For SRI to become mainstream they agreed that evaluation and measurement - such as in the carbon-market - must be undertaken by the market and sustainability and a long-term view be taken seriously by companies. Regulations, which force companies to integrate SRI, pressure on asset managers, public attention and positive engagement will also help to mainstream SRI.


arbon markets are already moving forward, in Europe via the Kyoto-driven European emission trading scheme (EU ETS) and in some US states via legislation, such as in California, and via trading schemes such as the Chicago carbon exchange (CCX). But the ETS scheme is far from perfect. TBLI speakers criticised that in the scheme's pilot phase the biggest polluters were rewarded with over-allocation of carbon credits, which leaves utilities in long positions and weighs on the carbon price. However the second phase of the EU ETS scheme should see revised national allocation plans of carbon. Companies' investment in clean development mechanism (CDM) projects in developing countries is awarded with tradable emission credits but these have also been affected by the low price of carbon credits in the European ETS.

The biggest problem threatening new investment is post-2012 uncertainty, which clashes with the call on long-term investments and sustainability. According to Daniele Cesano, founder of consultancy CO2nnect, only 4m tonnes of post-2012 credits have been sold so far. He said that the highest credit-delivery projects would deliver the least amount of sustainability and suggests certifying CDMs according to sustainability. The future of carbon markets depends very much on the next allocation of carbon credits, the inclusion of India and China as well as sectors such as aviation, new technology and the possibility of carbon capture and storage. Investors will also look at the outcome of November's Kyoto meeting for a plan beyond 2012.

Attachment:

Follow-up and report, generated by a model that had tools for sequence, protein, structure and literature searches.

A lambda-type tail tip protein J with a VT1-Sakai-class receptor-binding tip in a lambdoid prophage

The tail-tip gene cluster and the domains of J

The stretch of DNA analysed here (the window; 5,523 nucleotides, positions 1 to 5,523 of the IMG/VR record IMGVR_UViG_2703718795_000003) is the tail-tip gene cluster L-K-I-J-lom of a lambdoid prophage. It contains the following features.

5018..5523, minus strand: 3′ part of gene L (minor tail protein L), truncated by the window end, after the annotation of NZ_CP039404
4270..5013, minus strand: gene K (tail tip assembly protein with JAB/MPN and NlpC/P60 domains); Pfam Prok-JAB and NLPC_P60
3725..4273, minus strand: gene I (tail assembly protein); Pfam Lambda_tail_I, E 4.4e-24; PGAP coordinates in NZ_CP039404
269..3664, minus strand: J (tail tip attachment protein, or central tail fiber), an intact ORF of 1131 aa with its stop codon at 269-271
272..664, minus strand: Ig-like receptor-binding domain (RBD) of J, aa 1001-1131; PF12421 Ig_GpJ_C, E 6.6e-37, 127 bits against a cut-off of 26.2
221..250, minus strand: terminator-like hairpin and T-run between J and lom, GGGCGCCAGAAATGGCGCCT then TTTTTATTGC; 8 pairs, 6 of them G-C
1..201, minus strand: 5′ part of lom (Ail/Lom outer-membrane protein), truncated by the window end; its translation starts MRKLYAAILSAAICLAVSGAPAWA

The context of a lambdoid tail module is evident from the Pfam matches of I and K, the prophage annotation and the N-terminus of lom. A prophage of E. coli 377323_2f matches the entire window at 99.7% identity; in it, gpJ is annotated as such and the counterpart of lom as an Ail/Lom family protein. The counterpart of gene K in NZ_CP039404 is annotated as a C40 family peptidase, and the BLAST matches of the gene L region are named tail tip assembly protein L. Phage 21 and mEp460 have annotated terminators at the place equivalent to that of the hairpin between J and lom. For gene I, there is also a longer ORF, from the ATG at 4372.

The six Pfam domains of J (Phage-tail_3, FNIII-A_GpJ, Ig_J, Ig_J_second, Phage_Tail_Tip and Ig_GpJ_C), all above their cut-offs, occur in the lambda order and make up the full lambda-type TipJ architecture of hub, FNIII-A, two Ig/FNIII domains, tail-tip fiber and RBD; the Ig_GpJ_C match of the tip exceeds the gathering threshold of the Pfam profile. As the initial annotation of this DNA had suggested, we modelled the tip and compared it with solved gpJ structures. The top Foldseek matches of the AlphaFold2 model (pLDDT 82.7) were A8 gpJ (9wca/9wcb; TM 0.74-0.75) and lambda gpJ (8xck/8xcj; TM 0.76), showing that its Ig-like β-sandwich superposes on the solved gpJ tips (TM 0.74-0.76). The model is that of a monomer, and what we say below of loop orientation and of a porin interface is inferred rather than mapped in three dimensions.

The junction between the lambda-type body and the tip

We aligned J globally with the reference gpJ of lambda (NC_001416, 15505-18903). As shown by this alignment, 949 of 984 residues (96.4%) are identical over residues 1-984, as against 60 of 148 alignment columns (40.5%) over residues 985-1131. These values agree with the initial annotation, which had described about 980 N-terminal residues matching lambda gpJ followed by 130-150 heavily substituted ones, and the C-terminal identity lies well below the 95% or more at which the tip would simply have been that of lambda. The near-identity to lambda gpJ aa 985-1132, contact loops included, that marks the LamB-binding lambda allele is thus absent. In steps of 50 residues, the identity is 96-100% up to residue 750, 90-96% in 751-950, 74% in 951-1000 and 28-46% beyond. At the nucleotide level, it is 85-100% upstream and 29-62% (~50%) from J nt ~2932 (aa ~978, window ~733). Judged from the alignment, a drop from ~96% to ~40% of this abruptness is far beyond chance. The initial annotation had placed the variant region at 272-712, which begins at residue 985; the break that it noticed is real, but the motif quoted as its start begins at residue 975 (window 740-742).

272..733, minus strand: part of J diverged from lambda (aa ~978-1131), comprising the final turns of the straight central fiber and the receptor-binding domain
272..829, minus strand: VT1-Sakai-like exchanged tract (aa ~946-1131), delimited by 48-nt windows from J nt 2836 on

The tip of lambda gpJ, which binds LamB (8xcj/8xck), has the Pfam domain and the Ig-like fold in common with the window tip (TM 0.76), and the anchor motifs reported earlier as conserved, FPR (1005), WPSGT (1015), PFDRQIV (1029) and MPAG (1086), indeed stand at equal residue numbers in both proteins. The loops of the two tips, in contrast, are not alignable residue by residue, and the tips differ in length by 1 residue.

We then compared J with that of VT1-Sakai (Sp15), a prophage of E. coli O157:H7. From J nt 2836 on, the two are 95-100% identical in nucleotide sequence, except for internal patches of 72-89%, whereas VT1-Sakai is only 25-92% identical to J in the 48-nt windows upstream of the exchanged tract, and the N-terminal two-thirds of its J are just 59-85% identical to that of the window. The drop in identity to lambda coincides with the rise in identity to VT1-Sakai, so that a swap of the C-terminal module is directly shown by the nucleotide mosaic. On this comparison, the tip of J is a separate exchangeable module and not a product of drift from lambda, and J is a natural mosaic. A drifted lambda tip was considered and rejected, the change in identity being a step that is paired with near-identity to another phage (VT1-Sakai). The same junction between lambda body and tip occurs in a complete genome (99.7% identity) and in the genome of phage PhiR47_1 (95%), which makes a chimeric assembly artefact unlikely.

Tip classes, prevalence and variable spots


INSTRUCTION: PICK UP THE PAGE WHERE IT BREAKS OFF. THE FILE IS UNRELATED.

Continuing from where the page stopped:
While carbon markets are concerned with the ‘E' in ESG, microfinance deals with the ‘S' as it is a tool for economic inclusion in the fight against poverty. A popular definition is that microfinance is the provision of safe savings and appropriately designed loans for poor and low-income households, which can reduce poverty and enable access to finance, knowledge and markets. But it also needs to move beyond offering loans and credits and invest in developing skills in people, according to TBLI speakers. And to attract institutional investors to microfinance, corporate governance, transparency and expertise are needed.

However, microfinance has
emerged as a profitable business opportunity and a way to build local economies. To create a rate of return in microfinance, institutional assets are low default rate and are pooled through a special purpose vehicle. Risk is reduced through diversification and low correlation, while the typical life of a microloan is just one year. The expected returns of the investment depend on whether they are high- or low-risk. Aiming microfinance at enterprises rather than consumption also appears to be safer.